Rumsfeld: That's why, I come to that now. One of the things that we talked about in the context of September 11th was that it was very important that we did not run around saying things that we would not do. That is to say, to announce publicly that we're going to use air power but not ground forces would in fact advantage the enemy, would enable them to behave in a way that took advantage of our declaratory policy that we were risk adverse with respect to ground forces.
Q: And this, of course, was a lesson from Kosovo?
Rumsfeld: I don't want to draw comparisons.
Q: Okay, I'll draw it.
Rumsfeld: It's a lesson from prior years.
Q: (Laughter) Two years prior, to be precise.
Let me move on to another topic, sir. So when you talk of risk aversion, putting Special Forces on the ground was a signal that we, to that degree anyway, were not going to be risk adverse, and if we thought this was a better way to conduct this campaign this is how we were going to do it regardless of the risk that that might entail.
Rumsfeld: Not only that, but it was just one of the things we were willing to do.
Q: Okay. Now three or four weeks into the campaign we've been told that you were all either at the Situation Room or at Camp David when the public discussion was dealing with the word "quagmire," which you've have some fun with in recent weeks. But apparently in that room at the time there was some concern about a potential quagmire, and the president basically went around and surveyed the crew that was there including General Franks, and from what we are told the president basically said, "We've got a good plan here, Tommy. Do you think we're in any sort of a quagmire? Do you think we should continue sticking with this plan?" And General Franks said, "Yes, I do. I think we're on the right track." Consequently that was good enough for the president, so the plan continued apace.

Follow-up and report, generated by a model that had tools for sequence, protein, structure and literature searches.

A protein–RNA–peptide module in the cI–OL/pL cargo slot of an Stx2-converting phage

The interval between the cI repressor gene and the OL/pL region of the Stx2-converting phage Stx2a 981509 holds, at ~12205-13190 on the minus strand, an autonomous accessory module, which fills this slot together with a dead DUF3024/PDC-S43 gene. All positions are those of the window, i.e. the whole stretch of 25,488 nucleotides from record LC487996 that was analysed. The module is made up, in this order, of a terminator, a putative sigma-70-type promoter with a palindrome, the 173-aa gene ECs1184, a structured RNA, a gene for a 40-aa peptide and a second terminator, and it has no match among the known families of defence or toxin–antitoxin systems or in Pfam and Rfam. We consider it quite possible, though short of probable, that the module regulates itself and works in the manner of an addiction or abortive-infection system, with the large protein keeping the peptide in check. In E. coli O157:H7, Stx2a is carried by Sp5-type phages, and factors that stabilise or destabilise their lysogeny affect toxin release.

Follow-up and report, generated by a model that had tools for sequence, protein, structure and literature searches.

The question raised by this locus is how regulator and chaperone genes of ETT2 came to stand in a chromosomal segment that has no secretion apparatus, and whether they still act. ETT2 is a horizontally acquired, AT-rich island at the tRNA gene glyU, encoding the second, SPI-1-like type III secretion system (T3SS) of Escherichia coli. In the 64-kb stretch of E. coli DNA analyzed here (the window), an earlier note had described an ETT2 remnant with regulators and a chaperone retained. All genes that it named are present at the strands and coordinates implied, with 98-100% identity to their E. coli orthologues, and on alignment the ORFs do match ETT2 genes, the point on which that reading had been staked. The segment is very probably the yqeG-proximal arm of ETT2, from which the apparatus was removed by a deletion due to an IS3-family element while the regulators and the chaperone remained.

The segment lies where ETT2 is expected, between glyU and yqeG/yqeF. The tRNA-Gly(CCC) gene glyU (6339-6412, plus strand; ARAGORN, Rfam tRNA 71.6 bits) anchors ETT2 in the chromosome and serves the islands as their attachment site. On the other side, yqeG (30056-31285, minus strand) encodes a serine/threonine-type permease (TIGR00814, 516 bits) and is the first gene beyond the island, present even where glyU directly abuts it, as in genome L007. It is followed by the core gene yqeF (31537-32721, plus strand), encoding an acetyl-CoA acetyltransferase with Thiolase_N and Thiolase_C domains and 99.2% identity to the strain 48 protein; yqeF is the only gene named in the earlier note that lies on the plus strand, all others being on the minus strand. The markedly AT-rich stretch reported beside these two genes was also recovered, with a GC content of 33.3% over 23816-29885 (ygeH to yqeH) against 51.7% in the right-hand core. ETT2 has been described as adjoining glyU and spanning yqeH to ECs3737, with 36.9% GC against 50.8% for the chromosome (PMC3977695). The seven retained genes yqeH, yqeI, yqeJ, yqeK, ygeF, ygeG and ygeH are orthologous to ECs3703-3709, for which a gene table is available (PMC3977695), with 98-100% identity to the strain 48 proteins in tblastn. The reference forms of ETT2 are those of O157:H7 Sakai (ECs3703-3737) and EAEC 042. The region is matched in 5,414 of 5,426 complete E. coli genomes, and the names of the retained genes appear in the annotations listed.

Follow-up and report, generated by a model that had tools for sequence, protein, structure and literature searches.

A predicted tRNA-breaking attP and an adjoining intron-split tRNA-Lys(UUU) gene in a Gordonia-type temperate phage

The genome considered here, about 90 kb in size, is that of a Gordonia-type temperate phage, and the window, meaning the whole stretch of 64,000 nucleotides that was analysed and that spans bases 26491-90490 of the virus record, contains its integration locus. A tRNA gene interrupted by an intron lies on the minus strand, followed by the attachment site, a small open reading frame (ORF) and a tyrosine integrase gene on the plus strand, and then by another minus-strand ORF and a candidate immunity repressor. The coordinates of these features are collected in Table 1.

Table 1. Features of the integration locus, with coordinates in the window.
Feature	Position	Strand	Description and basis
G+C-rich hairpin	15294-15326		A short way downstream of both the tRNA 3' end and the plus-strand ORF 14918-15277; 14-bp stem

Can you flesh that out at all in terms of how that sort of teeter-totter point was reached and dealt with in that meeting?
Rumsfeld: Let me go back to the earlier question. I hadn't finished answering it.
Q: Oh, I'm sorry.
Rumsfeld: It was in fact an important decision that the president made. As you suggested Condi suggested. It was a very important decision.
Q: Because of the signal it sent or because of some military utility or both?
Q: What was the key element of military utility?
Rumsfeld: The deterrent effect of putting people that were opposed to us on notice that they would have to consider a whole host of possibilities and that we were not ruling things out.
Now go to your next question. What was it again? You got going so fast that I couldn't keep --
Q: I understand. I'm trying to make our timeframe here.
Rumsfeld: I'd rather get it right.
Q: I appreciate that, and I'll go more slowly.
The issue of the quagmire being discussed inside the council of government when the president --
Rumsfeld: I've got it.
The short answer is that Tommy Franks, the general, the combatant commander, proposed a plan, it was discussed, it was agreed to, it was put in place, and it involved putting pressure on the Taliban and the al Qaeda and recognizing that some of what was going on would be visible, some would not be visible, and that we needed to be patient and that it would take some time, and that the world was expecting an explosion of cruise missiles on television and that they would have to have, that we would have to manage those expectations down. And we did do that.